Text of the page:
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Our Spring Bead Fairs
Ruby - July's Birthstone
July's Alternate Gemstone - Onyx
$12 or £8 Discount
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I wish we could have stayed in the UK longer – I love it light so late. In Hong Kong in the summer it gets dark fast at 7pm and in the winter around 6pm. There is very little twilight. And the weather this time of year in Southern China is too hot with too much rain. Next year we may stay all summer long in the UK and do a lot more bead shows. I haven’t spent all summer in Europe for over 20-years – and jokes about the weather don’t put me off at all. You can’t drown culture.
Beads Up North! – 28th April
As usual, Gordon done a great job organising and attracting many people - including placing an expensive advert on the back of local busses! We didn’t take as much as last year, but this is the trend now and it’s always a please exhibiting at this venue. There is lots of light in this beautiful location in Haydock Race Course, close to the M6 motorway.
Luton MrBead Bead Show – 18th May
This was our best attendance yet at Luton and we took a record takings. As usual, some visitors travelled further than 80-miles to see us! Nice light venue.
North East Bead Fair – 19th May
I didn’t realise Newcastle was so far north until I worked out it was 4-hours fast drive from Luton – so we never arrived at the Travel Lodge until 10pm! I enjoyed going around Newcastle City Centre and the river, but our revenue at this show as a little disappointing.
Cheshire Bead Fair – 2nd June
This long-standing show was a good bead fair as always at Nantwich – with many people and good takings. Thanks to Sharon & Mark of Silver Orchid, this fair continues.
Norwich MrBead Show – 9th June
Usually this is our busiest bead show, but attendance was a little down on last year – however, we still took more at Norwich than at any of our other spring bead fair. This time we had 5 tables and were again supported by the excellent hand-crafted jewellery designs by The Bead Queen. As other years, some visitors travelled a long way to see us at this beautiful venue in such a fine city.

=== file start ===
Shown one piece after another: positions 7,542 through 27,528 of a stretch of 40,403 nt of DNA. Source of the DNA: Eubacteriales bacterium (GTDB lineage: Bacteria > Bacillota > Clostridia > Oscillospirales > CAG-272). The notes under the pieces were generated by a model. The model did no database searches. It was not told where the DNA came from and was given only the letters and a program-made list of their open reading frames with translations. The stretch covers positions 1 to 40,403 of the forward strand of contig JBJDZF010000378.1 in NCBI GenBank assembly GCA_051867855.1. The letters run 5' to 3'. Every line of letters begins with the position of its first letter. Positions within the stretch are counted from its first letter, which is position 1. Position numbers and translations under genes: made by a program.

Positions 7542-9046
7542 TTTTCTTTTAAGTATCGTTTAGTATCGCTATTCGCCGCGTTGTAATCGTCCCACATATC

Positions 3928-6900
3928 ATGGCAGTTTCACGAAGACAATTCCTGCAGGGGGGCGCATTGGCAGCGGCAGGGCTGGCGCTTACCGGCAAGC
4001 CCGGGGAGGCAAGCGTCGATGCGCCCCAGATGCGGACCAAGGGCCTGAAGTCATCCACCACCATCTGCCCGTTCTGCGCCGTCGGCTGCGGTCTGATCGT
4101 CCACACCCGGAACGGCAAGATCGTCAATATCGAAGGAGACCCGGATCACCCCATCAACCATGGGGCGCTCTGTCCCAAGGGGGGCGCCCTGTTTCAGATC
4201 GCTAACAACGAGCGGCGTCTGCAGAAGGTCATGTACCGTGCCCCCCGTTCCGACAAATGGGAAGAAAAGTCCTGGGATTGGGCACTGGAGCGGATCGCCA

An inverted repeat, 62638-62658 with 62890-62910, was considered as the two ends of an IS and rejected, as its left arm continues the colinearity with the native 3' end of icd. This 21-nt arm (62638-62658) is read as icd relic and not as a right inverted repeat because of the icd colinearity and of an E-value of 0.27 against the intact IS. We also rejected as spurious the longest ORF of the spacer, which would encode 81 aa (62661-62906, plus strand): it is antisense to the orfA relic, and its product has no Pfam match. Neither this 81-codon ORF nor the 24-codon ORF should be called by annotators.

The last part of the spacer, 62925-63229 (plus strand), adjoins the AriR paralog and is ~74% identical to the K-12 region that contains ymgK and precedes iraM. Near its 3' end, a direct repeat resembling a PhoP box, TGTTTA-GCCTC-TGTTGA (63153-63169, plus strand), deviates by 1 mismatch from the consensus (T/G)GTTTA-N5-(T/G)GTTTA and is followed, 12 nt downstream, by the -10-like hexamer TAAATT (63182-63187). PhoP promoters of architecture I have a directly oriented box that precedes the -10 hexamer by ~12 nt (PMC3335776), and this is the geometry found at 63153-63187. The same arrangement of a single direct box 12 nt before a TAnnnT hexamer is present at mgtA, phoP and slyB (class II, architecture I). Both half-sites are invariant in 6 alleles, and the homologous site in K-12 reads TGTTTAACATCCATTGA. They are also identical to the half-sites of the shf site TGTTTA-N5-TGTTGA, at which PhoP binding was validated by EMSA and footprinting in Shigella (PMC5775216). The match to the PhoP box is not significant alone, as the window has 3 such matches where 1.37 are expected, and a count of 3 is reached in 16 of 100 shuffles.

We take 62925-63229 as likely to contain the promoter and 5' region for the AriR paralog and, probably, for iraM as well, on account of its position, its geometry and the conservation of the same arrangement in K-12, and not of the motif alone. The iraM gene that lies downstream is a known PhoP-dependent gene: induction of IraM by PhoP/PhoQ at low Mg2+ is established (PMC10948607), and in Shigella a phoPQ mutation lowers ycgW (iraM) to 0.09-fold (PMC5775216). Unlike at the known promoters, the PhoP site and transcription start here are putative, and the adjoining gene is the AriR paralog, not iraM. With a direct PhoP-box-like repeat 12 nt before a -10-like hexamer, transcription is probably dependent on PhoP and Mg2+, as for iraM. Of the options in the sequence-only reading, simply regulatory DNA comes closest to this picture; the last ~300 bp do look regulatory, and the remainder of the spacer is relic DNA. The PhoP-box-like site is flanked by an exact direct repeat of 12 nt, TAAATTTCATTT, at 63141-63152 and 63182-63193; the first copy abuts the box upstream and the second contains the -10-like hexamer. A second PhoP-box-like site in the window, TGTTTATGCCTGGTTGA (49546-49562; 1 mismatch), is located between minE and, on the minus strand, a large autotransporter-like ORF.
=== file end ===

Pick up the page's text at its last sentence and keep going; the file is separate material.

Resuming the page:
Middlewich Folk & Boat Fair – 15th-16th June
This one was more for fun than business – as I love folk both music and boats! We exhibited in the craft tent right by the canal and camped close-by in the official site just for performers and exhibitors.
There were over 50 folk and roots-music bands and an abundance of canal boats and small stalls. The festival, in its 23rd-year, had fantastic music and atmosphere with a huge turnout flooding this tiny market town. Great fun – but we made very little money!
Note the buyers in the picture - apparently blackened faces date back to the 18th-century when unemployed farm-workers disguise themselves while dancing for tips at a time when busking and begging was illegal. Then, lead poisoning was common, but today stage makeup is used.
For more on this see my blog at www.nigelhaymckay.com/blog.
See where we will be in our autumn UK bead fairs: here
The word Ruby comes from the Latin "ruber," meaning red. Ruby is the hardest mineral after diamond, a variety of the mineral Corundum, and is found as crystals within metamorphic rock. It comes in a variety of colors, and is called a sapphire in any color except red. Rubies range in hue from an orangey red to a purplish red, but the most prized gems are a true red. Large rubies are very rare and valuable. The most beautiful crystals are thought to be from Burma, but they are also found in many other countries.
Rubies were thought to represent heat and power. Ancient tribes used the gem as bullets for blowguns, and it was said that a ruby would boil water instantly. Ground to powder, this crystal was used as a cure for indigestion - and it has been said that the ruby's red glow comes from an internal flame that cannot be extinguished, making a gift of this stone symbolic of everlasting love. And if worn on the left hand, ancient lore has it that the ruby will bring good fortune to its wearer.
Onyx is a term used for several stones. It has been dyed since ancient time, with the popular pure black variety, being dyed microcrystalline quartz. Its natural color is usually brown, white or grey. And onyx used in architecture isn't a form of quartz at all, but a type of limestone marble. Onyx is very similar to agate. With straight bands of brown, white or black, where agate has curved bands of many colors.
Although regarded as protective, onyx has a reputation as a stone of discord. Onyx was worn to cool the ardors of love, probably because it helps to balance the mind and emotions. Not only avoided by lovers, but also at night, as it provoked nightmares. However, it does improve concentration and devotion, hence many onyx rosaries. Onyx is a strength-giving stone, aiding confidence and useful for athletes or people under stress. Its energy is a mental tonic and can help you cope with fears and worries, making you feel in harmony with your surroundings.
To see our onyx click MrBead.com or MrBead.co.uk
No minimum order, but offer only valid until Friday 5th July 2013 only - so act now!
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